EUGENE: OK.

    TOM: What kind of filter do you have right now, Eugene?

    EUGENE: It’s a medium.

    TOM: One of those fiberglass filters?

    EUGENE: Yes.

    TOM: We call those pebble stops because that’s about all that they’ll stop.

    EUGENE: Mm-hmm.

    TOM: You need a much more efficient filter system if you want to get rid of that dust.

    EUGENE: Uh-huh.

    TOM: Let me recommend a website; Aprilaire.com. There’s a unit there that – I think it’s called the Model 5000 Electronic Air Cleaner – and that’s the one I put in my house and it made a big difference for us.

    EUGENE: Alright, thank you very much.

    TOM: You’re welcome, Eugene. Thanks so much for calling us at 888-MONEY-PIT.
     
    LESLIE: You are tuned to the Money Pit Home Improvement Radio Show.
     
    Well, we are almost at the final countdown to the big Memorial Day weekend. If you need a hand getting your money pit in tiptop shape for the summer, give us a call 24 hours a day, seven days a week at 1-888-MONEY-PIT.
     
    TOM: Up next, your staycation solutions for a lovely, lush, landscaped yard that’ll make you feel like you’re on a tropical vacation. That’s coming up, after this.
     

     
    (theme song)
     
    TOM: Where home solutions live. Welcome back to the Money Pit Home Improvement Radio Show. I’m Tom Kraeutler.
     
    LESLIE: And I’m Leslie Segrete.
     
    TOM: The number is 1-888-MONEY-PIT, 888-666-3974. Give us a call right now with your home improvement or home repair question, your do-it-yourself dilemma. And if you get on the air with us this hour, you could win a copy of our book, My Home, My Money Pit: Your Guide to Every Home Improvement Adventure; chock-a-block full of the same information you hear on the show every, single week.
     
    And going on right now at MoneyPit.com, we’re actually giving away a free chapter of the book; available as an electronic download. It’s everything you need to know about replacing the windows in your house. It’s available for free this weekend at MoneyPit.com.
     
    LESLIE: Alright, well pick up the phone and give us a call, especially if you are thinking about how to get your home in tiptop shape for perhaps this staycation that you might be taking this summer; you know where you’re sticking around at home, saving some bucks by not traveling far but definitely making your home super vacation-ready. So we’re going to give you some tips on lawn care right now.
     
    And you know a nice, manicured lawn; it does go a long, long way in creating a resort-like atmosphere in your own backyard. So to get it that way, you want to make sure that you trim overgrowth around any decking posts or fences and also edge your lawn; that’s going to give it a nice, finished and manicured look.
     
    TOM: Speaking of which, there’s a great new power tool on the market right now that’ll make the job a whole lot easier. It’s a trimmer/edger combo from WORX GT. It’s got a lithium ion battery; so it’s really lightweight, it adjusts to any height and it’s really powerful. It’s also got a self-adjusting trimmer string, so no bumping on the ground to get that right length. The best part, you’ll get free replacement spools for life; so you never actually have to buy the spools for this thing. It’s a great tool. It’s out just about right now. If you’d like some information on that product, you can visit FreeLineforLife.com.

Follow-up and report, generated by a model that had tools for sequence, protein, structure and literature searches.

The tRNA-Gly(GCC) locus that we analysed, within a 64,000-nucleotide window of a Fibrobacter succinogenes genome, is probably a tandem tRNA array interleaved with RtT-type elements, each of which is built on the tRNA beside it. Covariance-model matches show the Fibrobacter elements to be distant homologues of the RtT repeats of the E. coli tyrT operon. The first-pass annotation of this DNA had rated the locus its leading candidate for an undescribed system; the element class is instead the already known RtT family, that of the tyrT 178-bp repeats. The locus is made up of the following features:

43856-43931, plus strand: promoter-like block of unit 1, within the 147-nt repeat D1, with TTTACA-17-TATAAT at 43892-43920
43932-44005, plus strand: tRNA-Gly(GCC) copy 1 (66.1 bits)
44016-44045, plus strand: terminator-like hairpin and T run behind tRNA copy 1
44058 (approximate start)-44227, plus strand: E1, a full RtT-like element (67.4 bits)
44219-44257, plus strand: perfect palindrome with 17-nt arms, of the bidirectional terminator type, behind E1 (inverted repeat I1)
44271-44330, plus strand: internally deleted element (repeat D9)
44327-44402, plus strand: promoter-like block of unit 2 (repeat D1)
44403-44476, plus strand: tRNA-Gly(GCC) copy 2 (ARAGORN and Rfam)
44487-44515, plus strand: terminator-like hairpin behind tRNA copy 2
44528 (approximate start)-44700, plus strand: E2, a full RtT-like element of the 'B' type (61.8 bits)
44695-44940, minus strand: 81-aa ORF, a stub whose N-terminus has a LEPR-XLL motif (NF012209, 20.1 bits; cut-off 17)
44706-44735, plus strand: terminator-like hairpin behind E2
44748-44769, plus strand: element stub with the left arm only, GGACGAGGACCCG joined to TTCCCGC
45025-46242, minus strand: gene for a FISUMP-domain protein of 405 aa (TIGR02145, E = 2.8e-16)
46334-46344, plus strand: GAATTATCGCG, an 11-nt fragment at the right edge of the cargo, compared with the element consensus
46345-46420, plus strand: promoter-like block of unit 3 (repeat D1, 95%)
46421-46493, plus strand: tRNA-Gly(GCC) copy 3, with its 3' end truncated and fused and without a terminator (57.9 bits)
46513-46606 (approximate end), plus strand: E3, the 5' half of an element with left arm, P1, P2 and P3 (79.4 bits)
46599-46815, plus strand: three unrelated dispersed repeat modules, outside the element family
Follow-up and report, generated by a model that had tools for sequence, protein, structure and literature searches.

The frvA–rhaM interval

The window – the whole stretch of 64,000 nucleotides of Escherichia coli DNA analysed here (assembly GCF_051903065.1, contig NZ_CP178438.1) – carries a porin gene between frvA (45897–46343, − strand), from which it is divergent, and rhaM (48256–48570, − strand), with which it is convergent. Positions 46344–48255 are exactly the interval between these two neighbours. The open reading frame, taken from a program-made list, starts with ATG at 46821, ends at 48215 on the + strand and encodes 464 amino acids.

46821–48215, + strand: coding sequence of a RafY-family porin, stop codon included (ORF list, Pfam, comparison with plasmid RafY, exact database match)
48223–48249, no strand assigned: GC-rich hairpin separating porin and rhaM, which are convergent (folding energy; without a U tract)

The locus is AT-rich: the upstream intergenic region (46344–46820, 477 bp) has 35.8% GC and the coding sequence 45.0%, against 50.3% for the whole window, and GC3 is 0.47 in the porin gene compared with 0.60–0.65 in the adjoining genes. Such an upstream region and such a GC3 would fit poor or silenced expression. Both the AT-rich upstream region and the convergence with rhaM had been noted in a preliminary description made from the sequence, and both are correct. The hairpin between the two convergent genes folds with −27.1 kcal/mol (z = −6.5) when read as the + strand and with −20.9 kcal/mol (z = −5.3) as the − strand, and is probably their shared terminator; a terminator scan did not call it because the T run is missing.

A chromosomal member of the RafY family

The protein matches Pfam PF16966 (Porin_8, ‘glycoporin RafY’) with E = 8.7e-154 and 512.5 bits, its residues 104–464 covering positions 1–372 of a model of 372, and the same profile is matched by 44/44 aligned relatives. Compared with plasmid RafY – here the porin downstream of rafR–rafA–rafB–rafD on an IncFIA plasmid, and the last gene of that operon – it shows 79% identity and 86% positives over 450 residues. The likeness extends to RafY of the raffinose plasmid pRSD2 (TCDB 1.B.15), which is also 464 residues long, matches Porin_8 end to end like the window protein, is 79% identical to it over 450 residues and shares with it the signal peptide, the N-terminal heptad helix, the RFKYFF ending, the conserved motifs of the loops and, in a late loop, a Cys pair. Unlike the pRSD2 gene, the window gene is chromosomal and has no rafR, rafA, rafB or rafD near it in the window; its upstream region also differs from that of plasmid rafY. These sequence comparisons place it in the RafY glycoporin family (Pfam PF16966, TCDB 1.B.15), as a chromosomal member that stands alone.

888-666-3974.   That number is also free and we’re standing by for your calls.
     
    Who’s next?
     
    LESLIE: Valerie in North Carolina has got a kitchen project. What’s going on and how can we help?
     
    VALERIE: Yes, I replaced the kitchen cabinets in my kitchen. It’s been over 10 years ago. And I had a freezer in the kitchen but I’ve gotten rid of that since then. And now I’m trying to fill that space in with a cabinet that will look OK and I’m having a hard time matching what I have here.

    LESLIE: Well, have you thought about not exactly matching and choosing something that’s in the same finish but compliments it; say, with like a glass-front door or something a little bit different that makes it it’s own special piece?

    VALERIE: Well, I thought about that. The person that I talked to about the glass front said the inside would still have to match and because the color has changed that I’d have a hard time doing that also.

    LESLIE: What color are your existing cabinets?

    VALERIE: It’s an oak; just like a golden oak color.

    LESLIE: Is it something where if you got an unfinished cabinet you’d be able to purchase a stain and stain it on your own to match?

    VALERIE: I guess that’s a possibility. I hadn’t really thought that way.

    TOM: That’s probably the best way to go because this way you’d have control of it. If you got the unfinished oak cabinet, what I would also do is go out and buy a couple of pieces of oak scrap …

    VALERIE: Uh-huh.

    TOM: … and then you could experiment with some different stains. Get one that’s maybe a little lighter than what you have; one that’s a little darker; and come up with one that matches as close to that cabinet as you possibly can get it. If you use an unfinished cabinet and you have total control over the coloration, I think that’s probably the best way to get something that’s really close to what you have. And then even if you put it in and it still looks a little bit different, as the sunlight gets to it over the years you’ll find that it gets warmer and warmer and eventually it’s probably going to match perfectly with what you have.